The Australian Radiation Protection and Nuclear Safety Agency (ARPANSA) has published a new systemic map revealing the extent of high-frequency wireless radio waves and technology such as 5G nearby Australian plants and animals.
Led by ARPANSA’s Health Impact Assessment, Assistant Director Associate Professor Ken Karipidis, the 334 papers from Victoria’s Swinburne University reveal that while there is no substantiated evidence of harm, it highlights the need for more high-quality research into the effects of the waves and high-frequency wireless.
“At ARPANSA, our mission is to protect people and the environment from the harmful effects of radiation’ A/Prof Karipidis said.
“This map presents all the available research on the impact of radio waves on plants and animals in the environment (and) it specifically highlights areas where further research is required,” he said.
“Future research should investigate the effect of radio waves at higher frequencies such as those used by 5G and future technologies,” he said.
“This map is particularly timely given the public concern over the impact of the 5G network and other telecommunications sources on the environment.”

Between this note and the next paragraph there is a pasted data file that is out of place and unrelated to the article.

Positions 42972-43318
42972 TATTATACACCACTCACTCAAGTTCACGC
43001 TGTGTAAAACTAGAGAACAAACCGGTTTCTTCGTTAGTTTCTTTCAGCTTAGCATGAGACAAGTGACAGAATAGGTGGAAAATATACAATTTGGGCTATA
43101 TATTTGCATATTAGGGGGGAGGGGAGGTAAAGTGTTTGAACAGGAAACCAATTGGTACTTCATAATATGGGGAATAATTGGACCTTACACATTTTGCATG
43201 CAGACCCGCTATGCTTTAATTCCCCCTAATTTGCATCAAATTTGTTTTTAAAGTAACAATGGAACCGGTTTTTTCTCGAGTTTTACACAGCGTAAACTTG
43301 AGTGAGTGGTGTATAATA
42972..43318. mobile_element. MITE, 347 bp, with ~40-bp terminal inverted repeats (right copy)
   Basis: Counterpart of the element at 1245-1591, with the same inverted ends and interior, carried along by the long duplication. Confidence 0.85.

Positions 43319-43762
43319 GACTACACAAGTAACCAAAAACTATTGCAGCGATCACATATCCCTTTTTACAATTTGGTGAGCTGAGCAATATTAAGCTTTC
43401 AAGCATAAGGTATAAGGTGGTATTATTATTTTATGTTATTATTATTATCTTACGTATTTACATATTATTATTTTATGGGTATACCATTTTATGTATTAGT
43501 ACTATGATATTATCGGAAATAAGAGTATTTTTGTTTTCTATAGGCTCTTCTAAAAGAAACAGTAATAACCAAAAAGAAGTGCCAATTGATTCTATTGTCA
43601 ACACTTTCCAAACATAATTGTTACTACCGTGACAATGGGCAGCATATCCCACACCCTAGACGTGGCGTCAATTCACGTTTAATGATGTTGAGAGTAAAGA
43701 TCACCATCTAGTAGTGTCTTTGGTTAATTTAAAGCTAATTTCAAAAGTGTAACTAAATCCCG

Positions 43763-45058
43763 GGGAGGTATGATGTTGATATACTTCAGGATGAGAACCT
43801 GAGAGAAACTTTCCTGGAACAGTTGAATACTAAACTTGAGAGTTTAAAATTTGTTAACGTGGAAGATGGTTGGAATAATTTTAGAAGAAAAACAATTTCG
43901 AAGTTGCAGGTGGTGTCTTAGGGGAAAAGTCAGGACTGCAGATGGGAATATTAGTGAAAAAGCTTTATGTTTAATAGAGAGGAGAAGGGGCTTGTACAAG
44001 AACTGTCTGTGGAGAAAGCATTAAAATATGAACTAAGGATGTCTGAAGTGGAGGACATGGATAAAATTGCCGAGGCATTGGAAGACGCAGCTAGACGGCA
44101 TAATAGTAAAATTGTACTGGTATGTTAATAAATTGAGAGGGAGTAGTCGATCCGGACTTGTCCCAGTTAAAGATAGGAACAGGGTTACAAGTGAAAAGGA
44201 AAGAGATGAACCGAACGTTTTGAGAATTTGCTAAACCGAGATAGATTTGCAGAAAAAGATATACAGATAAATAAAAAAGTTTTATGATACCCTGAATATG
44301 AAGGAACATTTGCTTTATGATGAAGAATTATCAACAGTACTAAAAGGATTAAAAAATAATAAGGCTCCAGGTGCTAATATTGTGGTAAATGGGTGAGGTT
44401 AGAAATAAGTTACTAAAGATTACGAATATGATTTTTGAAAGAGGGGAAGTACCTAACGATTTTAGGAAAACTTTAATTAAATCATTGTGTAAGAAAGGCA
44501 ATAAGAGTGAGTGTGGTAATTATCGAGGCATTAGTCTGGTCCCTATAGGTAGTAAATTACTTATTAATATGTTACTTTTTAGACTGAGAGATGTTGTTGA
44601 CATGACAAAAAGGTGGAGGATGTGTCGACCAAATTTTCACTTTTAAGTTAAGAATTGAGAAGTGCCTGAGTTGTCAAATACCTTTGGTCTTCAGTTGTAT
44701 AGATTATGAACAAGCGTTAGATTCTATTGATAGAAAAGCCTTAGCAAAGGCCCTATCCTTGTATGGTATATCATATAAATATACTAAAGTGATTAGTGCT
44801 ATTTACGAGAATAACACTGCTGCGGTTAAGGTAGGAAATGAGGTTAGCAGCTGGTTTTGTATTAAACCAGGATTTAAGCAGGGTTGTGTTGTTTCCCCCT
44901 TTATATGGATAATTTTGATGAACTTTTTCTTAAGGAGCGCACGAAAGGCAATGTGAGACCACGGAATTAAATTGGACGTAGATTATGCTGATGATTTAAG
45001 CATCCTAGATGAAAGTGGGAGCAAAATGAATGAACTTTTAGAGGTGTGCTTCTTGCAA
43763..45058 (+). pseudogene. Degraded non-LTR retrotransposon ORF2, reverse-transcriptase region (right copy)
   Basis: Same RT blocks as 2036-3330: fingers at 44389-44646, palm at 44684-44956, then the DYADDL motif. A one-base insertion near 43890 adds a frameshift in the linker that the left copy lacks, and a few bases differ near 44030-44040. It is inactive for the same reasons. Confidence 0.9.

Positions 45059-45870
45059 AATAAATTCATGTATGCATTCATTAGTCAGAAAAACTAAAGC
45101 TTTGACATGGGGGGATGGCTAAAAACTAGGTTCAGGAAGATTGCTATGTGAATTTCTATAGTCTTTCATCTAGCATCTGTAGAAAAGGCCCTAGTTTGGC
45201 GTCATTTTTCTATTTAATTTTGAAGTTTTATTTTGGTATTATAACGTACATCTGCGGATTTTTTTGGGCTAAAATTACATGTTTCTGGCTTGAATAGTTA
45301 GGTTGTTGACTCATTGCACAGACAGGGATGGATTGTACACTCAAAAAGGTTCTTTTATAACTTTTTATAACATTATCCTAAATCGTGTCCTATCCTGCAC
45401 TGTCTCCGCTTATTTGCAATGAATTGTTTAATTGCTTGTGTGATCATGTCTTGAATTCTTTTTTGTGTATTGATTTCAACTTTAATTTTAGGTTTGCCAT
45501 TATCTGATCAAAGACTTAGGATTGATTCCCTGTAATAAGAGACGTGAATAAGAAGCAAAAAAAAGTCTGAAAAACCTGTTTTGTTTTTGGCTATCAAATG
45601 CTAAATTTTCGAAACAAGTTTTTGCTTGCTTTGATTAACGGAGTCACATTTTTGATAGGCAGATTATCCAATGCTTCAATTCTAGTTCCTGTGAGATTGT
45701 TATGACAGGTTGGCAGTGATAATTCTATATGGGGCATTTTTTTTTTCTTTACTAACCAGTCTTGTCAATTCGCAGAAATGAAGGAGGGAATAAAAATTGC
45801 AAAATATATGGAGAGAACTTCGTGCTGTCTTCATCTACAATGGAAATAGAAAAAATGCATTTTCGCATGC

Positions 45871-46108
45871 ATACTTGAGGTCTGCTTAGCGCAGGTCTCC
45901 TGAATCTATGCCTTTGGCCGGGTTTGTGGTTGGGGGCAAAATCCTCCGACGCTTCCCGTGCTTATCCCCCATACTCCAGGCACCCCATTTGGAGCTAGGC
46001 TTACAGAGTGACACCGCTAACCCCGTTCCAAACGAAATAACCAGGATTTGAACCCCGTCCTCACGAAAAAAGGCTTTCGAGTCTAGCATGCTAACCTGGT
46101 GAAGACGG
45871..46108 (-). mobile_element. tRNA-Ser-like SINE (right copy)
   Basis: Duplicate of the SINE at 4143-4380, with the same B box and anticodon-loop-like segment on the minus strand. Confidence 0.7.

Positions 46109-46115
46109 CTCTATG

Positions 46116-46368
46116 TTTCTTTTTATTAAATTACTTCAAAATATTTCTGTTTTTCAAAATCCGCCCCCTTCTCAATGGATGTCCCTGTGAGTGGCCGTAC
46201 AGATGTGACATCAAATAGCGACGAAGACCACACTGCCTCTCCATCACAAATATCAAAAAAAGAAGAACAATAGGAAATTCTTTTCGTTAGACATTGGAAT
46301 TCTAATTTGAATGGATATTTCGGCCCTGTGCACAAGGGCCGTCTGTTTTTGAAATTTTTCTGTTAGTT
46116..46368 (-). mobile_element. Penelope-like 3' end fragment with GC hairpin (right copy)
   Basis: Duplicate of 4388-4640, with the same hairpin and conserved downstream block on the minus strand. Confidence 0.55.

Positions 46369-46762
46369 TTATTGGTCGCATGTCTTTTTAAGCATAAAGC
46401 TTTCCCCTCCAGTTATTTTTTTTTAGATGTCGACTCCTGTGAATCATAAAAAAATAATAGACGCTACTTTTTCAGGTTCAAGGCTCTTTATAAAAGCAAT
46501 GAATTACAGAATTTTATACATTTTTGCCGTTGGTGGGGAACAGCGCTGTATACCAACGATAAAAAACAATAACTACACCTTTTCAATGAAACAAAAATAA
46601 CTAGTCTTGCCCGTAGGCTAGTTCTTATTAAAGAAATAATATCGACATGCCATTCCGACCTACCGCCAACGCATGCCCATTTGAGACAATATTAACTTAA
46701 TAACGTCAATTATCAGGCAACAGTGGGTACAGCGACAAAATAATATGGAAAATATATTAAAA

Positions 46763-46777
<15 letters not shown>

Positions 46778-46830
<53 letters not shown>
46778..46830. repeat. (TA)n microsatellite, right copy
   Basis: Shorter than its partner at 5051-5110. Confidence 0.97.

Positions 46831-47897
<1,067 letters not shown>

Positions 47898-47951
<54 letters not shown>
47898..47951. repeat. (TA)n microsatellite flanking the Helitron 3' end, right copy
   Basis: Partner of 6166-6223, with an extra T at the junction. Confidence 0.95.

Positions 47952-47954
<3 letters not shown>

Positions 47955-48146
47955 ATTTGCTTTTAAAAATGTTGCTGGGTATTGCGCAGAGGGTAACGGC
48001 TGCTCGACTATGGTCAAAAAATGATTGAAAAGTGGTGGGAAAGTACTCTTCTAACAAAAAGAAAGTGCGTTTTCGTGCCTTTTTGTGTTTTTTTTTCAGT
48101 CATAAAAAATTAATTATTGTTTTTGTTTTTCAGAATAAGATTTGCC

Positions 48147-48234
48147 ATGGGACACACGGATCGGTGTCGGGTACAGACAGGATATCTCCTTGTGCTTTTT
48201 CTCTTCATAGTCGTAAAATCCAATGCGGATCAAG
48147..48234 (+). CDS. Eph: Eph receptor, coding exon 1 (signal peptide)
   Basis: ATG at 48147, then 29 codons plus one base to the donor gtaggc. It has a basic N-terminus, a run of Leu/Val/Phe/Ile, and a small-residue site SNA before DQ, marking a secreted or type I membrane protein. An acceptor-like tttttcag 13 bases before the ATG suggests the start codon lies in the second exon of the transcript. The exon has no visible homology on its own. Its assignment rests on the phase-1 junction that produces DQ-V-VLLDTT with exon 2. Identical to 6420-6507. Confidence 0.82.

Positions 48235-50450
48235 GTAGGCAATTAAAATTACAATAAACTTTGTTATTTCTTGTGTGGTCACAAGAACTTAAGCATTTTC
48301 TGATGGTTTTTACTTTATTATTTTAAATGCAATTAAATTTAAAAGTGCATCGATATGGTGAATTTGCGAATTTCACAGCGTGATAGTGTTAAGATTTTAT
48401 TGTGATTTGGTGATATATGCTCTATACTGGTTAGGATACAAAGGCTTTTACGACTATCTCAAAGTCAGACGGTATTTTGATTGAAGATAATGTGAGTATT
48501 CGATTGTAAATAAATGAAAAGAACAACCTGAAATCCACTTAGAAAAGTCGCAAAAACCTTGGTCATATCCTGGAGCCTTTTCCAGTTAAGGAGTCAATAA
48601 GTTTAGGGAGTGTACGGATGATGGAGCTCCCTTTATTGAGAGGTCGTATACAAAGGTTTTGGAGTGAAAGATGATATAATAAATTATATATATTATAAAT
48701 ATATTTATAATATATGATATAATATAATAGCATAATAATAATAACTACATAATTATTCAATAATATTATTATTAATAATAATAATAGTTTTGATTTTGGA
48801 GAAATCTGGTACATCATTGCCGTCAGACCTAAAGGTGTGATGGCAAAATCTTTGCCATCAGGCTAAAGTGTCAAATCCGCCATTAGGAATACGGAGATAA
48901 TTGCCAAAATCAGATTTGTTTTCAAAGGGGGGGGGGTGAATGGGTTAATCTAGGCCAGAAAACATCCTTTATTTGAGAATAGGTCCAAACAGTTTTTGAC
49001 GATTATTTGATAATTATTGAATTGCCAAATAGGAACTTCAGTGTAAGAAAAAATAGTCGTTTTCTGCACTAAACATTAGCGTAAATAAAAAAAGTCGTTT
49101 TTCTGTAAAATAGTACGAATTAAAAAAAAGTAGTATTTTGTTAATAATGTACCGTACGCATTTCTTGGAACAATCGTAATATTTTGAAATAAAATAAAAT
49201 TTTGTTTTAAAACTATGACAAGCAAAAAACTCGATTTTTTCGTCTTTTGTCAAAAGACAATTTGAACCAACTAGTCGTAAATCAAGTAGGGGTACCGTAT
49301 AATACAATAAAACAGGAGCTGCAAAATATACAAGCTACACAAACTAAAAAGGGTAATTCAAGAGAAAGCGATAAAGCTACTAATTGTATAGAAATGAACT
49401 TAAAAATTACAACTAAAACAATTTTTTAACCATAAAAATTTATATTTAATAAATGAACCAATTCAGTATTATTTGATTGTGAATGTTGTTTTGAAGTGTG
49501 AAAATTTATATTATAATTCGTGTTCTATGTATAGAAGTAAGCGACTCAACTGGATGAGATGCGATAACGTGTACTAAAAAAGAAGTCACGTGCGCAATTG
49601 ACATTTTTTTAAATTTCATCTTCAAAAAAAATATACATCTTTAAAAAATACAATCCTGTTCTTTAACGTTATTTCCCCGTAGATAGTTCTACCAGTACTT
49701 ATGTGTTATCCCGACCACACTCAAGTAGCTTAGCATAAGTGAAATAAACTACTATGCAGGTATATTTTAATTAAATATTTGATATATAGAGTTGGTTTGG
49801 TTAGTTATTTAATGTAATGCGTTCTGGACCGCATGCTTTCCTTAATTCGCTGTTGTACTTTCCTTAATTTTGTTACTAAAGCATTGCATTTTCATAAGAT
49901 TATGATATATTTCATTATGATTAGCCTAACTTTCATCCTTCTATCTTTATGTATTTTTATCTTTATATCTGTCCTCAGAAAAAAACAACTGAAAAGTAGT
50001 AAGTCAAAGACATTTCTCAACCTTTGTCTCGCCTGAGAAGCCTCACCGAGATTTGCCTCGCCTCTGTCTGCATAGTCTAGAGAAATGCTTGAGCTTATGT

A/Prof Karipidis said the International Commission on Non-Ionizing Radiation Protection (ICNIRP), of which he is a Main Commission member, is currently preparing a statement on the environmental effects of radio waves.
“This systematic map will help to inform that ICNIRP project,” he said.
ARPANSA has said it will continue to evaluate scientific evidence on potential effects of radio waves as part of its role to protect people and the environment.
The systematic map was published in the peer-reviewed scientific journal Environmental Evidence and a summary of the research has been published on ARPANSA’s website at this PS News link.